The Silophone


A few years back I tuned into the Silophone - somebody had the neat idea of using an abandoned grain silo's natural echo chambers as a sonic experiment, piping sound into the empty building and then playing it back to the user. That the site was based in Montreal's Vieux Port was a bonus to me. On the web there's a list of sound files to choose from, and anybody can add sound clips to that list - I'd added a few fun sounds long ago and then forgotten about them until I booked this trip. Then I pulled up the website and discovered I'd have to click through two hundred pages of new additions each time I wanted to find my old sound bites.

Now that I think of it, I could have just added those sounds back to the silo and they would have shown up at the top. Shut up.

I'd just finished a tutorial on the Perl programming language (popular for website form processing) and decided to get in some practice. So I pulled up the Python website robot I'd built right after learning that language, walked it through the 13000 sound files (name, author, trigger id) in the silo server, created a couple of database tables on my personal server (the one you're reading right now) and rolled out Silodex: the Silophone search engine. If you want to find all the Simpsons or South Park sounds in there, go to the Silodex. Click & enjoy.

I spend a fair amount of time waiting for people to phone into the silo to hear their words echo back. Then I unload a torrent of pre-recorded burps and foghorns on them. Life is good.

Tom lives in Old Town and has known about the Silophone for years, but didn't realize that a) you could access it via the internet and b) I put a sound clip of him in there years ago. He met me and Melanie for lunch on Sunday and led us to the site.

What I didn't realize is that there's a public microphone podium across the canal where people can hear their own echo in real time without dialing in. This thing was clearly better funded than I thought.

It's a neat effect, but sure enough I found myself at a loss for what to say. I began to empathize with the lost souls who place phone calls to the silo just to say "Allo?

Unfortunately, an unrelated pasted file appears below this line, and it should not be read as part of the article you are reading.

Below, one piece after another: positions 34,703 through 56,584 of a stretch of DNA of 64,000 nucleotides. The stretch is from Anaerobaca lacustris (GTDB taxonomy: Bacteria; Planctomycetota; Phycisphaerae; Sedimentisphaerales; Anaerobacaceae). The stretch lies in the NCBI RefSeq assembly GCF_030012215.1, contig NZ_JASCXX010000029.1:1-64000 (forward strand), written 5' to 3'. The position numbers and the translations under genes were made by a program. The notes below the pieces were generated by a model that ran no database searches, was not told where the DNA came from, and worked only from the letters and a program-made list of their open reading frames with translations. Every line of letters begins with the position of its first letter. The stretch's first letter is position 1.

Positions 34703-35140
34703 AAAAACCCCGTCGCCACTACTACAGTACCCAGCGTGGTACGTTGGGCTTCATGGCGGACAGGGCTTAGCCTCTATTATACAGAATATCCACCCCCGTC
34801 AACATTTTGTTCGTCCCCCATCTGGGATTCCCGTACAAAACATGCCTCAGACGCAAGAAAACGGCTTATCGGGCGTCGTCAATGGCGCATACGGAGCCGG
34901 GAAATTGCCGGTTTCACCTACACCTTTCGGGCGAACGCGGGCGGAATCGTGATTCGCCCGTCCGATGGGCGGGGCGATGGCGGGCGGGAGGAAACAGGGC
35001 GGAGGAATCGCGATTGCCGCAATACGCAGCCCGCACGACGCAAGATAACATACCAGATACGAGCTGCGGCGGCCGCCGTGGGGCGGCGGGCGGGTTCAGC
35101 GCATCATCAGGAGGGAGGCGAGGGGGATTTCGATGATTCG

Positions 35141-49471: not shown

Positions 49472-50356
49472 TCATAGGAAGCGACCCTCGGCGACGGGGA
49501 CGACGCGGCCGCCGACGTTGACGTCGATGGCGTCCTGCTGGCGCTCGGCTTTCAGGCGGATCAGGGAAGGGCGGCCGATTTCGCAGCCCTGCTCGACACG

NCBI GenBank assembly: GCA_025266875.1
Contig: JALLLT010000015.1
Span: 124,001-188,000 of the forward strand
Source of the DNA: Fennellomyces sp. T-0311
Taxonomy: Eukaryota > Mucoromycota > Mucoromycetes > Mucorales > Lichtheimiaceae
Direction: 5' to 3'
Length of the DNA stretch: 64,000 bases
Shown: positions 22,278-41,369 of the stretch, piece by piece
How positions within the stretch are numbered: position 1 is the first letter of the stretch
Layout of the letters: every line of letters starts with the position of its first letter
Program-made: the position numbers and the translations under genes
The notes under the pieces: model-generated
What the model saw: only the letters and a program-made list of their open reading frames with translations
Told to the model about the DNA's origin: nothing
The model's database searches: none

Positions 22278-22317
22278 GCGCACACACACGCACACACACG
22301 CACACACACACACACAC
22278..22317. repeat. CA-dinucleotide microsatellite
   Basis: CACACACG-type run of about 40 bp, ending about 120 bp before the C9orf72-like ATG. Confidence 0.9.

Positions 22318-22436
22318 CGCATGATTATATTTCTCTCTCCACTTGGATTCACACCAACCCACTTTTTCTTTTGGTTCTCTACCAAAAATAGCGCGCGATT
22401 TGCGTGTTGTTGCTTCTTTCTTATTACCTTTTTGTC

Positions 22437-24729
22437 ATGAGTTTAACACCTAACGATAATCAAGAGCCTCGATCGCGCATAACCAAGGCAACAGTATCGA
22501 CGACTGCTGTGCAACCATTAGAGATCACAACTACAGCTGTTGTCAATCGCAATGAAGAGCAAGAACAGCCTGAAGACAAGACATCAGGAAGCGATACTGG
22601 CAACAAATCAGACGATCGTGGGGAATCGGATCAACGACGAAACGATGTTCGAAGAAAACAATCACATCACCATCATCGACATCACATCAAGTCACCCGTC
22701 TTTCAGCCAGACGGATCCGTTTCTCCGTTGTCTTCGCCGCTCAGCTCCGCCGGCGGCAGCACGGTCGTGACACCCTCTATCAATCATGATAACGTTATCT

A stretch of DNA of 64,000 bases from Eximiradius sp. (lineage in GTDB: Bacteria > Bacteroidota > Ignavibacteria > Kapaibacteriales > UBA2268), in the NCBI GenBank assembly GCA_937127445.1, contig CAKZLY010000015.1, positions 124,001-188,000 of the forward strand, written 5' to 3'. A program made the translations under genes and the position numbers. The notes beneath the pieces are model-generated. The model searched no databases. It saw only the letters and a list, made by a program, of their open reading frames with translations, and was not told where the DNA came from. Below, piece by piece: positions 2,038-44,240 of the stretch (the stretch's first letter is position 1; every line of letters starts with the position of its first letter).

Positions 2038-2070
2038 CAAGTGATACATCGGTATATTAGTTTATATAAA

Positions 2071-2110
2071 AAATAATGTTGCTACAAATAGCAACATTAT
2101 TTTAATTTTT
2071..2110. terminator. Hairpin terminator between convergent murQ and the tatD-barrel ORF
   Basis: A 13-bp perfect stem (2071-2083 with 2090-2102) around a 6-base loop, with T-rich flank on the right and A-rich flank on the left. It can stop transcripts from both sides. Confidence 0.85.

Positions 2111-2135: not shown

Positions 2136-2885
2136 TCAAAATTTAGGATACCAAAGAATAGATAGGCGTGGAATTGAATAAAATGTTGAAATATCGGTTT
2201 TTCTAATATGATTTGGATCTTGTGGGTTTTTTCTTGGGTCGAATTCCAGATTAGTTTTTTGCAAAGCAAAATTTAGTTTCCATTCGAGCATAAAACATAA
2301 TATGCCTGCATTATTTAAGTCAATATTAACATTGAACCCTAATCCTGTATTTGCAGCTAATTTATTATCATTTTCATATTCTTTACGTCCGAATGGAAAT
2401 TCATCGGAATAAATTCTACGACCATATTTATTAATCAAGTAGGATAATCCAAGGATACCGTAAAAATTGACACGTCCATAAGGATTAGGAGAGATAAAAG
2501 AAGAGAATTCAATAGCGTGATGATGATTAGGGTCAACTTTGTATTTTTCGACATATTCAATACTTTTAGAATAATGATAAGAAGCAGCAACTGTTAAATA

Aaaaalllllllo?


OooooOOOOOooooooOOOOoo.

[cliq]"

Just because I empathize it doesn't mean I'm going to stop with the foghorn.

There's an explanation printed on the podium.
Speak into the microphone of this sonic observatory to hear the echo of your voice inside the enormous cylinders of Silo #5.

Constructed in four stages between 1903 and 1958, Silo #5 was used to store grain which arrived from Western Canada and departed by sea. The most recent part of the building is made of reinforced concrete and comprises 115 vertical chambers, each 30 metres deep and up to 8 metres in diameter...

Microphones and loudspeakers have been installed inside four of the storage cylinders. Sounds collected from around the world by telephone (844-5555), by internet (www.silophone.net) and from this sonic observatory resound inside the cylinders and are sent back to their points of origin.


I didn't realize we could walk right up to the structure, and around it for that matter. It really is a monster, but the main section is only three cylinders wide, making it a very skinny box of concrete. Did I get a picture emphasizing how narrow it is? No.


I emailed the guy who set up the Silophone to ask if I could get a tour while I was in town. Didn't realize you could look right in. Feel like a chump now.


Word is they're going to revamp the official Silophone website over the summer, maybe put in their own search engine. I hope my little site still works when they're done.


<PrevNext>